• What physical size are the players at your position? 
  • What is the balance of right-handed hitters/pitchers versus left-handed hitters/pitchers? 
  • What do the player bios tell you about player interests and hobbies outside of baseball? 
  • What do the player bios tell you about their past baseball accomplishments? Do they match yours? 
  • Can you find evaluations of the players at your position from high school online? What about recruiting videos or measurables like 60 yard dash times or velocity? 
  • What else can you learn by looking at their roster? 

Coaches:  Explore coaching bios the same way you do for the players. Find their social media and Google their name to see what comes up in addition to what is on the school website. 

  • What is the head coach’s win-loss record and how long has he been there? 
  • How many players have they sent on to the next level? 
  • Which coach is responsible for your position group? 
  • Can you find any important information in their bio? 
  • Do the coaches have social media? What are they talking/posting about?
  • Where have they coached before and what is their playing/coaching background? 
  • What personality traits can you pick up from the info available? 
  • Are there interviews or post-game speeches you can watch or listen to? 
  • Do they have social media? If so, what types of information and message are they sending? 
  • Do they give off any tells about what they look for in a player or recruit? 
  • Can you gain any information about their coaching or developmental philosophies?  
  • Do they host any camps? 
  • How is the strength of schedule? 
  • How far does the coach like to travel for games? 

Incoming Recruiting Class:  You can often find interesting information about incoming recruiting classes through other websites. This can give you insight into roster composition and number of players who will be on the team.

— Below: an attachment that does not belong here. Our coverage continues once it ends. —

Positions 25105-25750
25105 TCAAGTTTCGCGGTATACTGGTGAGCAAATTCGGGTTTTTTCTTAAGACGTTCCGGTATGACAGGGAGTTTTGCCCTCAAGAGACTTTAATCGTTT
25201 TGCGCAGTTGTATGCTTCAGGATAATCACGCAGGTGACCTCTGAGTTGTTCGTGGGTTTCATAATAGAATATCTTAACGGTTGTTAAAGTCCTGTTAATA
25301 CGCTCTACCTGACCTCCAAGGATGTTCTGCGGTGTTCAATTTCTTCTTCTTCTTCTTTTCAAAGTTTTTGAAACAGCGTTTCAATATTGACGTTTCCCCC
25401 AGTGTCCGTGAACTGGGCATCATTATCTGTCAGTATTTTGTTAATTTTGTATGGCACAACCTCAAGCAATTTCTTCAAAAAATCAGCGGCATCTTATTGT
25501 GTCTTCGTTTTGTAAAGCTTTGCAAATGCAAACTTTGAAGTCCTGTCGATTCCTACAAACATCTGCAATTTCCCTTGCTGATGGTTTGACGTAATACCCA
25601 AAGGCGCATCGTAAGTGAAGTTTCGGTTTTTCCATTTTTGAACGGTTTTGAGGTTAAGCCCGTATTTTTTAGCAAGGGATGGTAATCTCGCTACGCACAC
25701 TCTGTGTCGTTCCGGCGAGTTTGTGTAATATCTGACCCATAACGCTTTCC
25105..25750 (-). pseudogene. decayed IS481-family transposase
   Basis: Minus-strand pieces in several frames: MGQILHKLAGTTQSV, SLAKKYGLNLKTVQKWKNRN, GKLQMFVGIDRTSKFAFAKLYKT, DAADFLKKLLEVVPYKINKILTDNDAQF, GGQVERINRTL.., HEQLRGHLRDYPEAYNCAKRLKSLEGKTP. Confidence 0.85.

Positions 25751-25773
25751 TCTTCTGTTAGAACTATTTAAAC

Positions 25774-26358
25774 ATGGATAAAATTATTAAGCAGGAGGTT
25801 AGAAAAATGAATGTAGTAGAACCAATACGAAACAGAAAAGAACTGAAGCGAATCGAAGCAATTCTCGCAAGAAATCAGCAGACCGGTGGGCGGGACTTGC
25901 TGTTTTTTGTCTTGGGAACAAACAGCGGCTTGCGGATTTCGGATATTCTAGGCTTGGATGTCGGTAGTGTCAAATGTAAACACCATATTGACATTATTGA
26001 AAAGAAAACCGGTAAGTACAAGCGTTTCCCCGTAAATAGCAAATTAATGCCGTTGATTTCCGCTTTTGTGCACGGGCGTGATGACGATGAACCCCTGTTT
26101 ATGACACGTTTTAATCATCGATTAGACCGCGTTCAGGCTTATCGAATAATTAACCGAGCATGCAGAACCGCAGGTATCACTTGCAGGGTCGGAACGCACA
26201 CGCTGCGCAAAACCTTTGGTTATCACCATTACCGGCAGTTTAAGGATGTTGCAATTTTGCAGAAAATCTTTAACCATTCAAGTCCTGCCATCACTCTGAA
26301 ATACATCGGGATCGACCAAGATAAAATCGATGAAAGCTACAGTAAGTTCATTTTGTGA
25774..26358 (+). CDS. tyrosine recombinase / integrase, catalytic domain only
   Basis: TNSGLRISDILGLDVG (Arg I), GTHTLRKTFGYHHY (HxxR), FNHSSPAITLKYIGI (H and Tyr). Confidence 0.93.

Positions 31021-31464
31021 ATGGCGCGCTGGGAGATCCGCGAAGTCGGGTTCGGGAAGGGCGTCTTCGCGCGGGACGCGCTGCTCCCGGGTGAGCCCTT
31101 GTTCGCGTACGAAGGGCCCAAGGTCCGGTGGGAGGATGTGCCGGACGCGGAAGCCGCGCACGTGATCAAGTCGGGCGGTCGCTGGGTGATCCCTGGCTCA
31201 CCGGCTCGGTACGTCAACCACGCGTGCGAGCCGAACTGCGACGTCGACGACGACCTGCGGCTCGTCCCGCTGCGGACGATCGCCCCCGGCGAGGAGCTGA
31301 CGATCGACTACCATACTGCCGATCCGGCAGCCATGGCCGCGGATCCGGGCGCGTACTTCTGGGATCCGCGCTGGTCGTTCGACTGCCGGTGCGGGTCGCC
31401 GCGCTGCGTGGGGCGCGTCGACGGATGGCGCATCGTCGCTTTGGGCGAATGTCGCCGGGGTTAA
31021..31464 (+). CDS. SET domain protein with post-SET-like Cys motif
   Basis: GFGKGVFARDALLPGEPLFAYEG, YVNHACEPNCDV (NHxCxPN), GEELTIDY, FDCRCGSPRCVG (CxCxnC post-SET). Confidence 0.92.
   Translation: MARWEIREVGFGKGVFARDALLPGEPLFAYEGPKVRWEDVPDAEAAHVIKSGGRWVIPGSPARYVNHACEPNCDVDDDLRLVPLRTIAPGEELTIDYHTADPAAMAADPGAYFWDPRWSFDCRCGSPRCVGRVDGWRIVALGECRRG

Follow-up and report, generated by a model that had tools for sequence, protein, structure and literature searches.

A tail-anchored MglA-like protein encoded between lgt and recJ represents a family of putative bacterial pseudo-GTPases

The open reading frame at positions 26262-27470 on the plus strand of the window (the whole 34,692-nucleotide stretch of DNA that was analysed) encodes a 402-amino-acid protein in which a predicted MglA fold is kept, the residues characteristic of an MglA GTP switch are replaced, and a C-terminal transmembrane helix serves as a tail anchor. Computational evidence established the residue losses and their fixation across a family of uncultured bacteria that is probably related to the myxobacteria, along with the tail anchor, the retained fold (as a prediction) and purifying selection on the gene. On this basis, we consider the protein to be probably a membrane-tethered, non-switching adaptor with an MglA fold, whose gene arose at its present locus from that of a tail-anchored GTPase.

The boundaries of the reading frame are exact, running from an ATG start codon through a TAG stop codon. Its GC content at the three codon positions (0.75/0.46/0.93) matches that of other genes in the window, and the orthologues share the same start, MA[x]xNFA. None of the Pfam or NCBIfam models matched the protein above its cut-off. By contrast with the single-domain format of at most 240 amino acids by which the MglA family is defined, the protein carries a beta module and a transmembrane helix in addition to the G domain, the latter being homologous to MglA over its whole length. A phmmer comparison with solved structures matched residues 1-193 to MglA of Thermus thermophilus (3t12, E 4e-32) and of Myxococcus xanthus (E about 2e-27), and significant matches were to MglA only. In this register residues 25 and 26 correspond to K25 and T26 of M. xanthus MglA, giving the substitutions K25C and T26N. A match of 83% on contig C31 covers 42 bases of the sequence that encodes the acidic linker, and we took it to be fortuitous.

• How many commitments do they already have for future classes and what does this say about when they will be actively recruiting your recruiting class? 
  • What type of info can you find on the current commits (physical size, velocity of pitchers, 60 times, accolades, etc.)? 
  • Do you have similar physical characteristics and skill sets to their current commits in your class? 
  • Does the number of players they are bringing in match the number leaving? 

Other areas to research… 


  • How do the facilities lend to your development? 
  • Are the baseball facilities on campus? If not, how far are they and how do you get there? 
  • Do they have facilities for poor weather/winter? 
  • What baseball resources will be available to help you get better? 


  • Does the program have any notable alumni?
  • Are players moving on to other programs (for 2-year schools) or the next level (for 4-year schools)? 
  • Are alumni having success in their work lives? 
  • What types of professions do alums go into? 


  • Are there things to do on or near campus? 
  • Are there enough food options on campus? 
  • Where do players live? Dorms? Apartments? House? Off-Campus? On-Campus? 
  • What type of campus is it? City? Urban? Country? 
  • What is the weather like? 

Sports Information: 

  • Does the program have social media accounts? If so, do they post regularly? 
  • Is the website up-to-date? 
  • Are there long lapses in news stories or do they post throughout the year?
  • Is there footage of practice/training/games on social media?
  • Can you watch or listen to games online? 
  • Are stats up-to-date in season? 

You’ll be amazed what you can find out and how helpful it can be to spend some time doing thorough online research. Remember, you will be spending more time with your coaches and teammates than anyone else for the next 2-4 years and you want to make sure you know what you are getting yourself into. While no decision is final, you will be thankful to find a fit your first time around. Leave no stone unturned and good luck!